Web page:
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Egyptian bloggers have received a fair mount of press attention lately for their calls for greater democracy under Hosni Mubarak, who has ruled the country for the past quarter-century and now appears to be seeking to turn power over to his son. “Judges allied with the government have filed lawsuits against more than 50 bloggers, accusing them of blackmail and of defaming Egypt and demanding that their blogs be shut down,” Wael Abbas, one of the better known bloggers, wrote in a piece that ran Sunday in the Washington Post.“Meanwhile, security officials appear on television to claim that the bloggers are violating media and communications laws.”
One Egyptian blogger you don’t hear much about in the American press (though he was mentioned by Abbas), is Abd al-Menim Mahmoud. Mahmoud was jailed in April for being a member of the banned Muslim Brotherhood, Egypt’s most powerful opposition party. American media outlets often express outrage over Mubarak’s jailing of secular opposition figures, but they hardly notice when he locks up Islamic activists, who make up the great majority of political prisoners in Egypt. “At a time when Islamists are a force at the ballot box, does Egypt, a peaceful, moderate oasis amid regional turmoil, really need more democracy?” Roger Cohen of the New York Times asked in an article last November. “No,” was his answer; he called on Mubarak to take only the most cautious steps toward reform, and suggested he release from prison some pro-Western oppositionists, but expressed no concerns about the wholesale jailing of Brotherhood members.
The Brotherhood has its share of Islamic hardliners, but it renounced violence decades ago and has pledged to support democracy. During a trip to Egypt last fall I met Mahmoud, a twenty-something law school graduate and movement organizer who represents a younger, more progressive wing of the movement. He’d already been arrested twice by then—both times for his participation in a group of students that opposed the war in Iraq—and on his blog has written about being tortured at the notorious Tora prison. “[H]e and others were forced to stand for 14 hours straight (those that fell over were beaten and then propped back up),” said an article in the Christian Science Monitor, the only major outlet that appears to have covered his most recent arrest. “When he removed his blindfold in solitary confinement, he wrote, he was beaten. Then he was forced to keep the blindfold on for 13 days straight as punishment.”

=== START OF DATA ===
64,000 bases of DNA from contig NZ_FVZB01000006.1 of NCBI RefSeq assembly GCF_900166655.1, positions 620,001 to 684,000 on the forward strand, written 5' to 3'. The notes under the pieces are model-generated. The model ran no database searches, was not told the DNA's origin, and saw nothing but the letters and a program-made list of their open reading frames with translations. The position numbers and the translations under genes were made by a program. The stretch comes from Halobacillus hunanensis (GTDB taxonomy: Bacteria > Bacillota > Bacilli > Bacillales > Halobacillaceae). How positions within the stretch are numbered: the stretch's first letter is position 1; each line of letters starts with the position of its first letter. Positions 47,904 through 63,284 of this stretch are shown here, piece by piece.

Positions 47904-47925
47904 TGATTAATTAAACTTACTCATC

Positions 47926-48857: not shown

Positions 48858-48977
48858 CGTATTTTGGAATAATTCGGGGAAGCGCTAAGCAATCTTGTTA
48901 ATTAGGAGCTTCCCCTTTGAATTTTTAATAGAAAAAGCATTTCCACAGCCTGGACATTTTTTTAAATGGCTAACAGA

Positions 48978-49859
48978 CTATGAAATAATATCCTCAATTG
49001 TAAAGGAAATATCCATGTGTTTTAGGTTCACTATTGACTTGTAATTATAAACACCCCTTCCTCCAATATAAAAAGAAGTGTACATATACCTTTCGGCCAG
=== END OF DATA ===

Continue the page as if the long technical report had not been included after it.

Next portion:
Because of his past troubles with security forces, Mahmoud asked to meet me in a public place, picking Groppi’s, a well-known cafe in downtown Cairo. There’s a general idea in the U.S. that Islamic movements are comprised of society’s rabble, the poor, uneducated and backwards. That’s generally untrue in much of the region and entirely untrue in Egypt. The Brotherhood has plenty of poor followers but the movement’s backbone is middle class professionals—doctors, lawyers, engineers, and students. Mahmoud came busting into the café wearing jeans and a dress shirt, dropped two cell phones on the table, and placed a shoulder bag with a laptop on the floor by his chair. “We believe in democracy, freedom of speech, and a free press, and it’s not just chit-chat,” he told me. “When the government arrested journalists, it was the Brotherhood that went to court with them. Assam al-Arian defended the judges and he’s paying the price for it.” He was referring to a senior Brotherhood official who was jailed after defending judges that had protested parliamentary election abuses in 2005.